General Electric

ElecTrak E-15

last updated 7/22/2010

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If you're an Elec-Trak owner or fan, you might want to know about the Owners' Club here.

It turns out I was not the only one to have the electric snow thrower idea... not even close. I just had the idea about 30 years after General Electric. The electric snow thrower I built, The 600-lb. Cordless Electric Snow Shovel, is now disassembled. This is because, by chance in the summer of 1998, I wound up with another electric tractor, a GE ElecTrak E-15. (Thanks Miriam Aubrey and Dick Slade!) And Rob Vasichek sold me a snow-thrower attachment for short money (thanks, Rob!). The snow thrower is about 44" wide.

Forty-Four Inches Wide
44" Wide.
Keep hands and feet clear, please.

Keep hands and feet clear, please.

Back Porch

An extra raft of batteries on the "back porch."

In the picture above, note the platform (the "back porch" as I call it) on the rear which supports another six 6v golf cart batteries. The benefits?

Tips for those of you who might do something similar:

When spring comes 'round, I'll take the back porch off and set it aside for next winter, and put the 6 batteries in my little electric commuter car until the snow comes around again! It is overkill for mowing use, and the added length would diminish the ElecTrak's already less-than-perfect manouverability.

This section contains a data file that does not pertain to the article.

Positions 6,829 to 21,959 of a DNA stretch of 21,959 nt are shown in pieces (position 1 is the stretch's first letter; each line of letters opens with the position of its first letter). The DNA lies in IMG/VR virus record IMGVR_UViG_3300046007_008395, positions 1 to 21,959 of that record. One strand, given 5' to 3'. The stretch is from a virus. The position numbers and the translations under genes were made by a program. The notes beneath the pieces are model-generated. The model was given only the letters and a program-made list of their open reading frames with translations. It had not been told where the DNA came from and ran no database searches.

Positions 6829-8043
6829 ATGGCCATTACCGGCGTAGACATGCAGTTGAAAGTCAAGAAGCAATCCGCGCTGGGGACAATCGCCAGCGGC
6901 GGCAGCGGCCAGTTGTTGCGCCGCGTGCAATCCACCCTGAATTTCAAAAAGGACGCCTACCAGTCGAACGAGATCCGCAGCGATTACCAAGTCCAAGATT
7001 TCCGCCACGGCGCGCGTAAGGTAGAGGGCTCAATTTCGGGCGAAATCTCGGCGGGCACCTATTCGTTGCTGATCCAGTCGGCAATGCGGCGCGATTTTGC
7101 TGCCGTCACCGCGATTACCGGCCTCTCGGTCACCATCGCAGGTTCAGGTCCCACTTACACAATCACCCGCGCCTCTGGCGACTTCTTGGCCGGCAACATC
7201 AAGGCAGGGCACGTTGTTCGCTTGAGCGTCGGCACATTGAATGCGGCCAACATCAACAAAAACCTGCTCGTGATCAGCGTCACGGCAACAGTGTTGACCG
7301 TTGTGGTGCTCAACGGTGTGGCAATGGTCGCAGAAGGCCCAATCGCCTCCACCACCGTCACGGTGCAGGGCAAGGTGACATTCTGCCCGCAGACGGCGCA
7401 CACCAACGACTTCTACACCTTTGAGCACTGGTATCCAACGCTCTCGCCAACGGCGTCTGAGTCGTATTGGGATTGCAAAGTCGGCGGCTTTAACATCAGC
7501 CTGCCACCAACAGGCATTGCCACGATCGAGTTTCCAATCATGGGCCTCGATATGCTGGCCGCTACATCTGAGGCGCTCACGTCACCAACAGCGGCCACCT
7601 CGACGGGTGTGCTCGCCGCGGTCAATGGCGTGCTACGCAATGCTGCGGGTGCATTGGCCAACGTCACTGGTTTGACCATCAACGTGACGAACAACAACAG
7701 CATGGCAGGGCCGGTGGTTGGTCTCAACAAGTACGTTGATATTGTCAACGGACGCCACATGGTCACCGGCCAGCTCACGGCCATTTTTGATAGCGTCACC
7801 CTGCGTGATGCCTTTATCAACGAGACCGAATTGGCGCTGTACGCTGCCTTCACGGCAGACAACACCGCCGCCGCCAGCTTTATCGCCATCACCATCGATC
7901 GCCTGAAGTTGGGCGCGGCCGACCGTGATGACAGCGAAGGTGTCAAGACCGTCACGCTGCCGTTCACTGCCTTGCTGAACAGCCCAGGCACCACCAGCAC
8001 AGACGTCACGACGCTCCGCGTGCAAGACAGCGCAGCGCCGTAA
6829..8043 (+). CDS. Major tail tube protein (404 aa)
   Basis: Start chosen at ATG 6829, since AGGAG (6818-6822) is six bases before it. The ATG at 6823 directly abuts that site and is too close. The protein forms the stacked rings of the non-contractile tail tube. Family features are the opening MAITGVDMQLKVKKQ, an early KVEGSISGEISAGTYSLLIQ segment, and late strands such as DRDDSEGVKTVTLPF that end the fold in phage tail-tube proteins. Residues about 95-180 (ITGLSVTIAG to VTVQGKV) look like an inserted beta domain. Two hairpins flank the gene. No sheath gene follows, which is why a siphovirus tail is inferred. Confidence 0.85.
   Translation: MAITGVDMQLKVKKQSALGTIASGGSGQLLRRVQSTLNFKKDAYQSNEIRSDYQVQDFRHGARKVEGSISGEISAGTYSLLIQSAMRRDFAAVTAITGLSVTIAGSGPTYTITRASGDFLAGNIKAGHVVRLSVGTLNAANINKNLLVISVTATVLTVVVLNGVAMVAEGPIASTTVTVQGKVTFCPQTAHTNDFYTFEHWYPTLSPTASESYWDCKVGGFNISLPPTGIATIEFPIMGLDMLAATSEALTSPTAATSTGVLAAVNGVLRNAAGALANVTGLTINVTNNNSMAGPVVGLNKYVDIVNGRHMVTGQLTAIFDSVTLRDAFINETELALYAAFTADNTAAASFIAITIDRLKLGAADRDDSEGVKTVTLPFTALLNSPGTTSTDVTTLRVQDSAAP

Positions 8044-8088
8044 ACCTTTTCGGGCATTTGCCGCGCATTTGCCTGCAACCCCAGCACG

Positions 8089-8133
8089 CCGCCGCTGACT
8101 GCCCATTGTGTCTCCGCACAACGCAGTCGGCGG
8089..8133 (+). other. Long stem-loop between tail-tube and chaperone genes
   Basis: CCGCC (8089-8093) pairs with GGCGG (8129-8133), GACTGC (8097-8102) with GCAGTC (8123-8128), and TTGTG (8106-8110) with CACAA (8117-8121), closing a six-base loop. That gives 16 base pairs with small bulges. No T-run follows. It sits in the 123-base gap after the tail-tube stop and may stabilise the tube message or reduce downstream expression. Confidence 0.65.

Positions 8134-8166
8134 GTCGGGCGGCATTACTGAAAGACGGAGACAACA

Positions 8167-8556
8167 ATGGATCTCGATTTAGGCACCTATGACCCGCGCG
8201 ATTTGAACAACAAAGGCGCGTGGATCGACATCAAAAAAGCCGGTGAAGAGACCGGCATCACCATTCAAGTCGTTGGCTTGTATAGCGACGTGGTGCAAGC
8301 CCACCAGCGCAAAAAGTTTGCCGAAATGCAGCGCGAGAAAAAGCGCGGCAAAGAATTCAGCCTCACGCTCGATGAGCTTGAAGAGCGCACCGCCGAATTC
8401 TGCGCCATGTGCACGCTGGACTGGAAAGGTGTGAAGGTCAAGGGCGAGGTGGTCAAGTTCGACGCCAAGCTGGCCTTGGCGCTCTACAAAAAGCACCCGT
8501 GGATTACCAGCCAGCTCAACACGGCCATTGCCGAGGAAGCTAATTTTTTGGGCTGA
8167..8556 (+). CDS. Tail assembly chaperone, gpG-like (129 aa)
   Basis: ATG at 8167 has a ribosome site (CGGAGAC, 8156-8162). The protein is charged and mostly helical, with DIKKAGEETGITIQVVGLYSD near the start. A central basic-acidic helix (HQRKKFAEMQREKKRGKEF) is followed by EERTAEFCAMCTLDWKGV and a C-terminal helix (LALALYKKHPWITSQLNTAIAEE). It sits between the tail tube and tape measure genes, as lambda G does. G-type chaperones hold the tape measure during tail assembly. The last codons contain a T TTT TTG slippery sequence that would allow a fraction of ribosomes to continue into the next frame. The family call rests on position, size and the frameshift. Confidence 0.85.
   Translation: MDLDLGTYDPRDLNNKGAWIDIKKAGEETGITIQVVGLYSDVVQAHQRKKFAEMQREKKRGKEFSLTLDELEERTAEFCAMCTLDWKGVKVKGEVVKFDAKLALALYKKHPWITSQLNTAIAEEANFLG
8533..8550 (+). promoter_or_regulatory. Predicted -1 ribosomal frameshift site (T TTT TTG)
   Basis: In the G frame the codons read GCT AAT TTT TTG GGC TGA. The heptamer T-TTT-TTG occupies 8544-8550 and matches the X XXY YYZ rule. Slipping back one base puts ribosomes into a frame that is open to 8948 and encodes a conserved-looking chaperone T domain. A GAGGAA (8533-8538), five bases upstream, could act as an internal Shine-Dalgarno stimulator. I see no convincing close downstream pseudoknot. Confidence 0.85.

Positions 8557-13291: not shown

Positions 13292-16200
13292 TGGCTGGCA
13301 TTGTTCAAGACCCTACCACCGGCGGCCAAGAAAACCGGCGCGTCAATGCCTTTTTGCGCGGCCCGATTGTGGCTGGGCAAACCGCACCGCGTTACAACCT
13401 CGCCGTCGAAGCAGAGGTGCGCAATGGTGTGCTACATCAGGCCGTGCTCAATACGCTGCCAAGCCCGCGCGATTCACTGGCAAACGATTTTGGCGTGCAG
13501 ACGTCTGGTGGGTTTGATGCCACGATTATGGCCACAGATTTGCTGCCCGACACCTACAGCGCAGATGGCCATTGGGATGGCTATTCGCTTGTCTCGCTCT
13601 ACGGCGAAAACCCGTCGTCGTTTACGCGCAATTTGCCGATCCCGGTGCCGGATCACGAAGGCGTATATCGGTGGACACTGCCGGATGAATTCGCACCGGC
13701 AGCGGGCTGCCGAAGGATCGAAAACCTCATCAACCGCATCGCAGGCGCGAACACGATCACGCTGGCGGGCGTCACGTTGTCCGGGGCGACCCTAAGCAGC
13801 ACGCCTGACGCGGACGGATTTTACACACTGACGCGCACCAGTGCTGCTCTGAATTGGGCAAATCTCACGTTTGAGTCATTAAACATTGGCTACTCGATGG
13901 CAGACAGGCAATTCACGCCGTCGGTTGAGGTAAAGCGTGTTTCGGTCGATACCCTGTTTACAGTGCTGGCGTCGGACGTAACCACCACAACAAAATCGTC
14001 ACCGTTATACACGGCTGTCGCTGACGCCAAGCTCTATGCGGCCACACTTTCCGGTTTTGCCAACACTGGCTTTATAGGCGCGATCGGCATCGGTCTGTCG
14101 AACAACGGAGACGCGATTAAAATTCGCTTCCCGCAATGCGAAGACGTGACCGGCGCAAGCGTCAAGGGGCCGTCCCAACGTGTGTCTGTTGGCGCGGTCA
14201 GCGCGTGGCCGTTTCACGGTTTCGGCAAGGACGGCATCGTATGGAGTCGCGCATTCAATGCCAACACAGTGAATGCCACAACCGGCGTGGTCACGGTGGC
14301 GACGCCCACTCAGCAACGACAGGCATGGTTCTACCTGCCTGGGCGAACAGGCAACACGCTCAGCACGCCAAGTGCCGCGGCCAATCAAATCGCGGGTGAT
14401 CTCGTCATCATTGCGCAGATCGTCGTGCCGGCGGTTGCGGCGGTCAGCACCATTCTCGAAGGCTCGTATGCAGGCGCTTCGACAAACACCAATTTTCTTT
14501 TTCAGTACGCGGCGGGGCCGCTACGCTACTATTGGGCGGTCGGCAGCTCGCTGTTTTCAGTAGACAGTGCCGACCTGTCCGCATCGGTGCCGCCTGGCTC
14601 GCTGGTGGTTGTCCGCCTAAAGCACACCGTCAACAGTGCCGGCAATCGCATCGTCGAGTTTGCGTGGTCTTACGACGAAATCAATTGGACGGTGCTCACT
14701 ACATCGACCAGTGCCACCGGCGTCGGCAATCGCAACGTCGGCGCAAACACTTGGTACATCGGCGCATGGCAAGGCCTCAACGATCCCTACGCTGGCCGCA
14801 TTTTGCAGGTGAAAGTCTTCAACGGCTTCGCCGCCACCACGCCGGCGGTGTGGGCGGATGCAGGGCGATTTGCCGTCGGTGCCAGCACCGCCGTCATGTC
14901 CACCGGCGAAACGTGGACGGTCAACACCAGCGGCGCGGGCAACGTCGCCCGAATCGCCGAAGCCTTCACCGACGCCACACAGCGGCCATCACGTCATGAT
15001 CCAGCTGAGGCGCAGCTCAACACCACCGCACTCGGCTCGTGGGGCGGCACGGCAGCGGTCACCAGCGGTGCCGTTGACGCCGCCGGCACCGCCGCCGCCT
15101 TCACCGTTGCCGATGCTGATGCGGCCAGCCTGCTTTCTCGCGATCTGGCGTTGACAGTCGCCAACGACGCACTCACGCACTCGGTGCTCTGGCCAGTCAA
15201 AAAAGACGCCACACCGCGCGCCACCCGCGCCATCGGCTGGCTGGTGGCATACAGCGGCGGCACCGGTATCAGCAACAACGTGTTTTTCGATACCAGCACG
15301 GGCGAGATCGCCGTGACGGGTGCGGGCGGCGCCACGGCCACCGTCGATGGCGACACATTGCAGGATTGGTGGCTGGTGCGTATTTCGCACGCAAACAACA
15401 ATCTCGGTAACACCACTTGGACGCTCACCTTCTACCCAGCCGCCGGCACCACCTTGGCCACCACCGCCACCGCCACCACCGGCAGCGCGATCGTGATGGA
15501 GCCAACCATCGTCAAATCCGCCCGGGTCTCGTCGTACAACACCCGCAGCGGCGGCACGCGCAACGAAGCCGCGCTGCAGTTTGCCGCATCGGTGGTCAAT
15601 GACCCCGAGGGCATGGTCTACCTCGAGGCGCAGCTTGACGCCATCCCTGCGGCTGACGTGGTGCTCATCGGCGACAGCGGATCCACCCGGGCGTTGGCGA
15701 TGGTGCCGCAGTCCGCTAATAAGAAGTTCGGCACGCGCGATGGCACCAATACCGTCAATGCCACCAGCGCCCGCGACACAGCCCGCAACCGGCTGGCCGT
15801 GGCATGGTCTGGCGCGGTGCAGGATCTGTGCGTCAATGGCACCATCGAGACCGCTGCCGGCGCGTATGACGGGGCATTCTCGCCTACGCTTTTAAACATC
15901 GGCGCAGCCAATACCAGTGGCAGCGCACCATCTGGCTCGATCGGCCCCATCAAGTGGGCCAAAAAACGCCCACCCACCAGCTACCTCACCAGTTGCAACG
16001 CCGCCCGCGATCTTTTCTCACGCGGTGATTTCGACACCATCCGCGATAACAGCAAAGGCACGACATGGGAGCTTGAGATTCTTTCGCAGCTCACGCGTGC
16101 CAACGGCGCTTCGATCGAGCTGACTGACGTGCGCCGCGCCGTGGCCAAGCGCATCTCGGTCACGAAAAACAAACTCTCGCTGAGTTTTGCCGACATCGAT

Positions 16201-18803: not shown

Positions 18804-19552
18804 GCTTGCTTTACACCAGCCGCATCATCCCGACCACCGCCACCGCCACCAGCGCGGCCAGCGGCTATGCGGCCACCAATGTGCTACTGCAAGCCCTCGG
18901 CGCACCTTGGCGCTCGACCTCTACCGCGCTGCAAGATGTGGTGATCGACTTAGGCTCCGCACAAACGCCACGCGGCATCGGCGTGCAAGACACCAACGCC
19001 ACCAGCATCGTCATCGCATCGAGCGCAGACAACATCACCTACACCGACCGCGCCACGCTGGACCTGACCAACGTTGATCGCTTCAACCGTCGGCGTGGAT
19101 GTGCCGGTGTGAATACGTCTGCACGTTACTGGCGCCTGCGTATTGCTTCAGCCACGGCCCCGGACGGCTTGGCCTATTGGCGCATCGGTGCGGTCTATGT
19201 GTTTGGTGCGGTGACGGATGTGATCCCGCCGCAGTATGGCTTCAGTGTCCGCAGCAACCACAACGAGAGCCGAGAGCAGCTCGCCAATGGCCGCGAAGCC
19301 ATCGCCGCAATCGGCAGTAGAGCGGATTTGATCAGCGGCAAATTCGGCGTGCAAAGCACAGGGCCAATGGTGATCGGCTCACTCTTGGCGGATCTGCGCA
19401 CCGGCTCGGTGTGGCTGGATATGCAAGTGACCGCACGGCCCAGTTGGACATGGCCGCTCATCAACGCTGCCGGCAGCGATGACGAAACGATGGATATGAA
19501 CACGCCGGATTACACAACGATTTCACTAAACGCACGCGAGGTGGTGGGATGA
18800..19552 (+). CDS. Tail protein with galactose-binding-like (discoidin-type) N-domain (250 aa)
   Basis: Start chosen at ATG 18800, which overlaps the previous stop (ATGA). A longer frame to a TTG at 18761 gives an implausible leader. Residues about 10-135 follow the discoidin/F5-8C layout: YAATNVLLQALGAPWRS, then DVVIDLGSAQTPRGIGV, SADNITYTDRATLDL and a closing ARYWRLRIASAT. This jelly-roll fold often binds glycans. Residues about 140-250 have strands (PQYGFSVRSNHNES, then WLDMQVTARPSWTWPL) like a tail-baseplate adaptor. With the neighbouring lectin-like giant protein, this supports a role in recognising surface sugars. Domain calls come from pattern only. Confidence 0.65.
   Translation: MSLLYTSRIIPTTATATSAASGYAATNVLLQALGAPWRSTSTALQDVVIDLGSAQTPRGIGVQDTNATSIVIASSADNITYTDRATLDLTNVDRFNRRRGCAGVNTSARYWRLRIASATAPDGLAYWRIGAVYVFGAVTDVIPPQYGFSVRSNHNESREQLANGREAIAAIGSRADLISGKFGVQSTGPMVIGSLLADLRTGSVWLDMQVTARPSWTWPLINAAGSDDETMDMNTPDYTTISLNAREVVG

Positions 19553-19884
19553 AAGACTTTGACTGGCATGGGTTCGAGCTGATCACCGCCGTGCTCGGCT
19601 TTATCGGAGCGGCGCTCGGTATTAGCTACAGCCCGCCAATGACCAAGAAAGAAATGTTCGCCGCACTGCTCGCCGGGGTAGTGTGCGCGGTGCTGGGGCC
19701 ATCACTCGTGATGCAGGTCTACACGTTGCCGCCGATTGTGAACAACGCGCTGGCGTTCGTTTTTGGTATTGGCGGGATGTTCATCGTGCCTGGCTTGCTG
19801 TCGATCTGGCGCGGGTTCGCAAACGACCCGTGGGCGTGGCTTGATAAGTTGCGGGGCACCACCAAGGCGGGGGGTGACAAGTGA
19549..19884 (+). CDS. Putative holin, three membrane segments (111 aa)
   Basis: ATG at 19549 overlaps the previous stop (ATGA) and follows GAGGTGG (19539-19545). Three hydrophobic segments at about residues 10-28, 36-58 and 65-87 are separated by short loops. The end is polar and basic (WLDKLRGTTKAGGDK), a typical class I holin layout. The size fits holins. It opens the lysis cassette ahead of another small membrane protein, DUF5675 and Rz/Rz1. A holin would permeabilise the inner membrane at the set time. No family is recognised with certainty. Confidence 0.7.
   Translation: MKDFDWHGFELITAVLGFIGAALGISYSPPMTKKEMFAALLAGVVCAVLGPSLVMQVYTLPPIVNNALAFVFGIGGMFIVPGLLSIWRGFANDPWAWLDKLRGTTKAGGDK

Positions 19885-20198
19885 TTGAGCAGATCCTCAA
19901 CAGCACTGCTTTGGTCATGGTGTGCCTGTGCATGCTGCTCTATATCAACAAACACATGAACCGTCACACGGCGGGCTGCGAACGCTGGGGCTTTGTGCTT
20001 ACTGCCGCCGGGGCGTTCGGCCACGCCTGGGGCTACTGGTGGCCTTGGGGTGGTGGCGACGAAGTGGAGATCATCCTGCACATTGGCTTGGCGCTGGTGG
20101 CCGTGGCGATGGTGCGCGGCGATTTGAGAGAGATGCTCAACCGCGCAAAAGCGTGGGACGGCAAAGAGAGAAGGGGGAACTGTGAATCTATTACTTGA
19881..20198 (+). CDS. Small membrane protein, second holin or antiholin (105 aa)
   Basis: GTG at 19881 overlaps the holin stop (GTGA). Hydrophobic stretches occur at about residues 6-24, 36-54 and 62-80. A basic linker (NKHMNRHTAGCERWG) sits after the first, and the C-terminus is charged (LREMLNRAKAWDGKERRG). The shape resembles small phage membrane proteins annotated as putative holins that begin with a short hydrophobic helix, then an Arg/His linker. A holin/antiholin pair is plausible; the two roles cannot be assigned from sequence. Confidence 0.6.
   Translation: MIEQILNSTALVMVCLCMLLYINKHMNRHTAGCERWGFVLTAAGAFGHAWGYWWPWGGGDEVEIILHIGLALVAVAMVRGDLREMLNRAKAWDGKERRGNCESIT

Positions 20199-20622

There's four gears on this thing: D2 (up to 6 mph); D1 (up to 4 mph); and L (up to 2.5 mph); and LL (a mere 1 mph). The motor still turns at the same speeds, even in LL, the consequence is the usual benefit of higher torque to the rear wheels. In LL, this thing is more like a bulldozer. It's beautiful.

Throwin' Snow
Throwin' snow, February 1999.


Some tech details...

A schematic of the second battery pack attachment. (Click to enlarge.)

The auger looks like this:

 

Just because it's tangentially related...

This is a Craftsman conversion to electric... 6 6V batts, Craftsman riding mower to electric with a 36VDC golf car motor and a Curtis 36-48V 275A PWM. Worked ok, including as a mower, of course. The one thing I would do differently is gear up the linkage between the motor output shaft and the rest of the guts. I think the ICE on the original turned a little faster than the ~2000 rpm that the series-wound motor gave at 36V.

Don't mind the light saber. Episode One had just come out, and the student in the pic is a big fan.


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